We are sure you are already aware of this, but cultural messages are constantly being sent by all sorts of literature. You are raising only one area of concern but parent-child interactions, male-female relationships, views of America and attitudes to money are only four areas where values can be easily absorbed through reading.  For example, we rejected Berenstain Bear books for our children because the father was often portrayed as a genial buffoon whose wife and children were clearly smarter and more accomplished than he was. 

You need to be clear on what your family values are. While we appreciated C.S. Lewis’ Narnia series and most of our Christian friends loved the books, we personally chose not to share those with our children. Narnia is a Christian parable and as such, no matter how lovely a story, it wasn’t meant for our Jewish family. One of our friends, whose children grew up to be just as committed Jews as our children, made the decision to let her children read the Narnia series. Each parent should take the responsibility to make those decisions herself.

Our homeschooling was very literature based and we have wonderful memories of read-aloud sessions with teenagers perfectly capable of reading to themselves. We hope you create many wonderful memories of your own.

Enjoy these years,

Rabbi Daniel and Susan Lapin

32 thoughts on “Should my children read Harry Potter?”

  1. I appreciate Rabbi Lapin’s opinion; however, I strongly believe that the age of the children should be considered when deciding what books they read. While I don’t consider Harry Potter’s books appropriate for young children, I believe they are fine for older children as they understand what fantasy is; they can tell a difference between fiction and non-fiction, as long as parents find the time for discussing the material. Of course all children develop at different stages and allowing certain books is for a parent to decide according to developmental stages. Moreover, one of the most important aspects of parenting is that of being aware of what your child is reading at any age. Then, open communication is key to learn the child views on what she’s reading and be ready to redirect when the opinion is mistaken. My point here is, we cannot keep our children in a box. Even when you homeschool them, there comes a point when they must interact with the world at large and I better have them ready with strong beliefs and opinions than oblivious to confront others when needed. I, for one, grew up in a conservative Jewish family and Bewitched was a favorite of mine. TV time was limited and was seen always as pure entertainment. There was never a doubt in my mind that Bewitched was pure fantasy. My parents made sure I viewed it as such. Additionally, they always taught me to do good to other human beings (Mitzvot) and be kind to animals and nature in general. At the end of the day, regardless of what age-related books are read and what TV shows kids watch, parent involvement is key for raising healthy and concsious children.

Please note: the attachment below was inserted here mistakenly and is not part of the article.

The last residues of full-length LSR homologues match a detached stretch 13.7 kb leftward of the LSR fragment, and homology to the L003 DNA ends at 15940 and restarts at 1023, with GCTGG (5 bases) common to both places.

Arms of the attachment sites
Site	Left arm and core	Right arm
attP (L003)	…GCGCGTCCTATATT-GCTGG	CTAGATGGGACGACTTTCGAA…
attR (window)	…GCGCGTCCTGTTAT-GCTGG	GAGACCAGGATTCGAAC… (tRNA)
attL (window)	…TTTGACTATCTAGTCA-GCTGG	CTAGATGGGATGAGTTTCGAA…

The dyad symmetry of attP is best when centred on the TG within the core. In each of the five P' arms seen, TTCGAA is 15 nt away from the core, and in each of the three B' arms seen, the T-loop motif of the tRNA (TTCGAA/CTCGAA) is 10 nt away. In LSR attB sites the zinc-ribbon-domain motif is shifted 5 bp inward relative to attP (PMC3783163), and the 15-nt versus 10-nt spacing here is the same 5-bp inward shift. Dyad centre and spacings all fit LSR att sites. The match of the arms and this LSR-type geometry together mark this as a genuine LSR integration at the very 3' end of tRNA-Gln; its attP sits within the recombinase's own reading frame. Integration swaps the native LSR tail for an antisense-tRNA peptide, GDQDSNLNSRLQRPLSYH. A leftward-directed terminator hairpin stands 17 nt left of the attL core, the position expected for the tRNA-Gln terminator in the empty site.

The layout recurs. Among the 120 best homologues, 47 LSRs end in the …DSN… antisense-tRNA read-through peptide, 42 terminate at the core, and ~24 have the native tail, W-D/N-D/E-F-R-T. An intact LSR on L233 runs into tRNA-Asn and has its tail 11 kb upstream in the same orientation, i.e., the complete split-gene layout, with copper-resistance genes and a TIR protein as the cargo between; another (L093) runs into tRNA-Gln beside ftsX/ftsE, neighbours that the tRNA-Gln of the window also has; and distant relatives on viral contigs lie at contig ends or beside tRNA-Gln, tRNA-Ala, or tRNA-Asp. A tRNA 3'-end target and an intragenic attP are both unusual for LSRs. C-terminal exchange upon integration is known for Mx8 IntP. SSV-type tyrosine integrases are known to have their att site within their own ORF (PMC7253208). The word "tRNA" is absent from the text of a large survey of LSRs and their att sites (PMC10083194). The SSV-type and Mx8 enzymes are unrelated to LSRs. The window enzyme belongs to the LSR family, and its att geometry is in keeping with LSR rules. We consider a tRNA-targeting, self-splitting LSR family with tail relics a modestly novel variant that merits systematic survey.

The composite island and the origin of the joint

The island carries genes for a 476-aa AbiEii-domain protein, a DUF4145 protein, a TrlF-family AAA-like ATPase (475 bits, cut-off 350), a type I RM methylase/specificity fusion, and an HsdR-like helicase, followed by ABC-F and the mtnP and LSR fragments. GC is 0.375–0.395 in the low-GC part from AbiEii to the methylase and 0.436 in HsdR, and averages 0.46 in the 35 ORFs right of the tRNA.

2. I felt very strongly about reading Harry Potter Books, I personally felt very strongly on not attempting Harry Potter Books. When I was younger I did read fairy stories to my children. Since I have become a Born Again Christian I felt as if The Holy Spirit was trying to keep me from reading anything like that. When I tried to read the Lord of the Rings I finally had to give the books back as I felt so uncomfortable and I believe the Holy Spirit was showing me not to go into those areas of Witchraft.

  3. Thank you for a rich discussion. This question along with replies and comments would make a good package accompanying the Perils of Profanity and Aleph Beth. Maybe many children would benefit from this resource in their reading supplies. It is about time that many careful parents would guide the children to be producers of reading material and reading diet instead of voracious consumers of questionable reading diet. Thank you for all that you do.

  4. Ms. Susan, thank you. I don’t have children but would never want my great niece or great nephew to read the Harry Potter series. I remember my closest friends at work talking about the books at work. Not only did they read them but they encouraged their children to do so. They saw absolutely nothing wrong with the supernatural aspects of the books. Just hearing about the subject matter of the first one, I realized I would never read them myself. I believe exposing ourselves and our children to the dark ideas in these books desensitizes us spiritually. There were reasons that the Sovereign Lord and Creator forbid us to engage in witchcraft, talking to the dead, etc. we are supposed to build our lives on relationship with others and with God, not on seeking to manipulate others or God to do what we want because we want it. Unfortunately, all too many miss this spiritual root of the problem with materials like Harry Potter. Thank you for bring clarity on this issue. Blessings to you, Rabbi Daniel, and your whole family.